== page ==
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Create Space Between Work and Home Life

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Have you ever gotten home from work and spent the rest of the evening continuing to answer work emails, check texts, and do minor tasks for your job? Or just sat and worried about something that was going on at work?

Not having a good dividing line between your home and work lives can add stress and anxiety to your life and damage family relationships. Here are some tips for learning how to leave work at work and destress during your downtime.

If You Have a Commute, Mindfully Use it to Create Space

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If you have time in the car or on the subway while commuting between your work and home, purposefully use it to create a barrier between your work and home life. If there’s something from your workday that’s bothering you, give it the last of its time for the day and then, with intention, release it until you are back at work the next day.

Create Rituals Meant to Tell Your Brain to Shift Gears

Sometimes our brains need help shifting gears and refocusing. You can help your brain learn when it’s time to change from work thoughts to being fully present in your home life by creating rituals. This can be as simple as playing upbeat music and singing along in the car. It could be some physical exercise, which will have the added benefit of helping you blow off work-related steam and settling down. You could take a shower or just change into “home clothes” when you get back from work. Maybe it means you spend a few moments of alone time meditating, reading a book, or working on a puzzle before you jump back into family life.

Let Your Family Know What You Need

If you need something specific from your family to help you change gears from work to home life, let them know what it is clearly and kindly. For instance, if you need to have fifteen minutes to yourself before they start asking you about your day or telling you about theirs, let them know. Then, be sure to stick to the deal—take your fifteen minutes and then do your best to be fully present for them after that time.

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As Much as Possible, Don’t Respond to Work Stuff at Home

For some jobs, you must be available to a certain extent even while you’re home. However, many people stretch that line and make themselves more accessible than they need to be. Evaluate what your job requirements are for being available outside work hours and eliminate all other availability. You can do this by:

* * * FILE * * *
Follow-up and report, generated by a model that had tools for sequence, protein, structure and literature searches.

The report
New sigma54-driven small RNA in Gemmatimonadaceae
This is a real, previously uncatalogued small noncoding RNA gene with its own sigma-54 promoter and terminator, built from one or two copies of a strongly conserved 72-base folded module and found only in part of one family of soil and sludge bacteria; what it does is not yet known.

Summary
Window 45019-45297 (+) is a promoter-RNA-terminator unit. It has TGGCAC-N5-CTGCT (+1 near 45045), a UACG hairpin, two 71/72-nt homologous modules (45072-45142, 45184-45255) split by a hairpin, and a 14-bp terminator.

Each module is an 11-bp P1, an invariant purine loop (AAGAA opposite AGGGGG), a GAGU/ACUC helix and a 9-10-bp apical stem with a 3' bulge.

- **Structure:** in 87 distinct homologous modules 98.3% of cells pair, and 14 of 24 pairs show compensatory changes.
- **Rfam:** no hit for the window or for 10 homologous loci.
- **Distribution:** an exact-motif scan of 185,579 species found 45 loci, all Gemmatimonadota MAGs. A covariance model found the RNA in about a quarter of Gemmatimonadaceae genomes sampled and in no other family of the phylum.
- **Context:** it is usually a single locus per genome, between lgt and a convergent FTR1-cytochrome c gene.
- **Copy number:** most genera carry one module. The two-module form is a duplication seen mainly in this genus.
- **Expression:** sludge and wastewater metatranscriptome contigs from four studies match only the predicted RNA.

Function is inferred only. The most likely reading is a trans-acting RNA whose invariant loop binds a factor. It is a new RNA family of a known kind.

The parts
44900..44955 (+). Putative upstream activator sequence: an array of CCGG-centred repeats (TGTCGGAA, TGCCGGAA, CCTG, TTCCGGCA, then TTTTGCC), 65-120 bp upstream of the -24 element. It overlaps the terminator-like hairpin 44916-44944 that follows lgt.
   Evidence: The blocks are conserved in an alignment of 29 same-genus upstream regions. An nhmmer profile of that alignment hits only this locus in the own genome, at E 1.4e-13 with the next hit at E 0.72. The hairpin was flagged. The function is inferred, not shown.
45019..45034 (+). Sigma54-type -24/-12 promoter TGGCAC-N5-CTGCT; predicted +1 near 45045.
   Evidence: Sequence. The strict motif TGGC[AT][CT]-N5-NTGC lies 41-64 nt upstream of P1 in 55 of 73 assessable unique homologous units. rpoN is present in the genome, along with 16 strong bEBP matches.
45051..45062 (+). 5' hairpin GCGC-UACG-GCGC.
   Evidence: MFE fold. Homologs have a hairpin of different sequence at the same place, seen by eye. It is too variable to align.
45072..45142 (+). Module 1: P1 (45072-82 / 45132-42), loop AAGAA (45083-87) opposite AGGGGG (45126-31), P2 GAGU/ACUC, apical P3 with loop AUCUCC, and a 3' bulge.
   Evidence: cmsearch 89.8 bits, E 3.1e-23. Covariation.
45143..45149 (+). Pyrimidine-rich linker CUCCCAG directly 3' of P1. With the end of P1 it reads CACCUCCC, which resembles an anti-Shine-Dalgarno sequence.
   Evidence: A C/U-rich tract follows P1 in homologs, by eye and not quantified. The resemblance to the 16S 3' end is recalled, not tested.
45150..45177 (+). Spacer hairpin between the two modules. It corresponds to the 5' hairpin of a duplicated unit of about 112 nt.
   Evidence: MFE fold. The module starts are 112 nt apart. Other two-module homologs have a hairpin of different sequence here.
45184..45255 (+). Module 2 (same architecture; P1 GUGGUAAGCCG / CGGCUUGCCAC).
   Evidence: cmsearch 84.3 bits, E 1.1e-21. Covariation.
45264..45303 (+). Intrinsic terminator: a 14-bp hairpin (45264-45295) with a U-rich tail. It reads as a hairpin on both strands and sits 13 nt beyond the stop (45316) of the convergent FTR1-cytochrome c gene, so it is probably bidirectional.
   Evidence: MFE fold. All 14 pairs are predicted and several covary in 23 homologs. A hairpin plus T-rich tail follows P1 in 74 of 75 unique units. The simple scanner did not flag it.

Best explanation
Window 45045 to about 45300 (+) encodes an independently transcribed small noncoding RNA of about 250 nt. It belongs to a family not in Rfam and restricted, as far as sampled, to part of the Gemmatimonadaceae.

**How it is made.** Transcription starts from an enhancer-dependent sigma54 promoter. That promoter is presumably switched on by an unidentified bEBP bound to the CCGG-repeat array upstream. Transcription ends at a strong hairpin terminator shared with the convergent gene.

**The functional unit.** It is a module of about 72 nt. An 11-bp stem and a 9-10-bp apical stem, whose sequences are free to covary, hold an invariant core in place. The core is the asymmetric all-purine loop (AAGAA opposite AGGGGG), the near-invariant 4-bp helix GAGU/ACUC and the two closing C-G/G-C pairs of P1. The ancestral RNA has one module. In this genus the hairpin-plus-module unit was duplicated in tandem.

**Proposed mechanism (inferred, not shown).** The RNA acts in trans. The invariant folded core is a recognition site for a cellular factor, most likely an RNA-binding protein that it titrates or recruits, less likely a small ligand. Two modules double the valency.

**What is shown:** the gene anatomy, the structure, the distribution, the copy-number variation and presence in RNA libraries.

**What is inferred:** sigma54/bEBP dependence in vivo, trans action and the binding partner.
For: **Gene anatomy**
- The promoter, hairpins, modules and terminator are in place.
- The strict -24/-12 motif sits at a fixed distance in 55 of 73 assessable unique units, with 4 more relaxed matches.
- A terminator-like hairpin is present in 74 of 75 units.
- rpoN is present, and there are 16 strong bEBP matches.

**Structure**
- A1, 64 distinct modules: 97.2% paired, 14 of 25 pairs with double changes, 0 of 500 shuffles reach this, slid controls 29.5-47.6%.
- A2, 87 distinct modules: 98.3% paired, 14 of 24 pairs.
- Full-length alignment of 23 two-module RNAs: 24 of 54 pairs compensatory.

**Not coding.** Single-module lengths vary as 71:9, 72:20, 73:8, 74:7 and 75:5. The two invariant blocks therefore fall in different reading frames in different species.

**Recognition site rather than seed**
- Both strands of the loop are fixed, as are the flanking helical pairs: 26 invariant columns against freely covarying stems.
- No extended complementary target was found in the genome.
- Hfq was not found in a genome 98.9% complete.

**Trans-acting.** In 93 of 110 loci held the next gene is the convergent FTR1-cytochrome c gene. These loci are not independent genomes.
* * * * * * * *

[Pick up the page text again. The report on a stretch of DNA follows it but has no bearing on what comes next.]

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  • Not checking texts or emails
  • Removing reminder alerts from your phone so you don’t hear a ping every time someone sends something
  • Setting limits for how often you check and respond to work messages each day

Limit How Much Work Talk Goes on at Home

Of course, it’s okay to share tidbits of your day with your family but place a healthy limit on how much time you spend talking about work at home. As much as possible, be fully present and involved with home life and leave most work drama or discussion at the door.

What if You Work from Home?

This situation can create serious issues with building the mental (and physical) space you need to separate your work and home lives. It’s super easy for people who work from home to have difficulty keeping one area of their life out of the other, and they often have work spilling into personal life and vice versa.

If possible, have your home office in a separate room so you can close the door. When you’re done working for the day or for a while, close the door. You can still use rituals as described above to help your brain transition from work to home life.

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Disclaimer

Destress.com is not intended to replace professional consultation, diagnosis, or treatment by a licensed professional. If you require any medical-related advice, contact your physician promptly. Information at Destress.com is exclusively of a general reference nature. Do not disregard medical advice or delay treatment as a result of accessing information on this website or any external links provided on the website. Destress.com is not a counseling or crisis service. The diagnosis and treatment of depression and other psychiatric disorders should be performed by health care professionals. If you are suicidal, the National Suicide Prevention Lifeline, 1-800-273-TALK (8255), provides access to trained telephone counselors, 24 hours a day, 7 days a week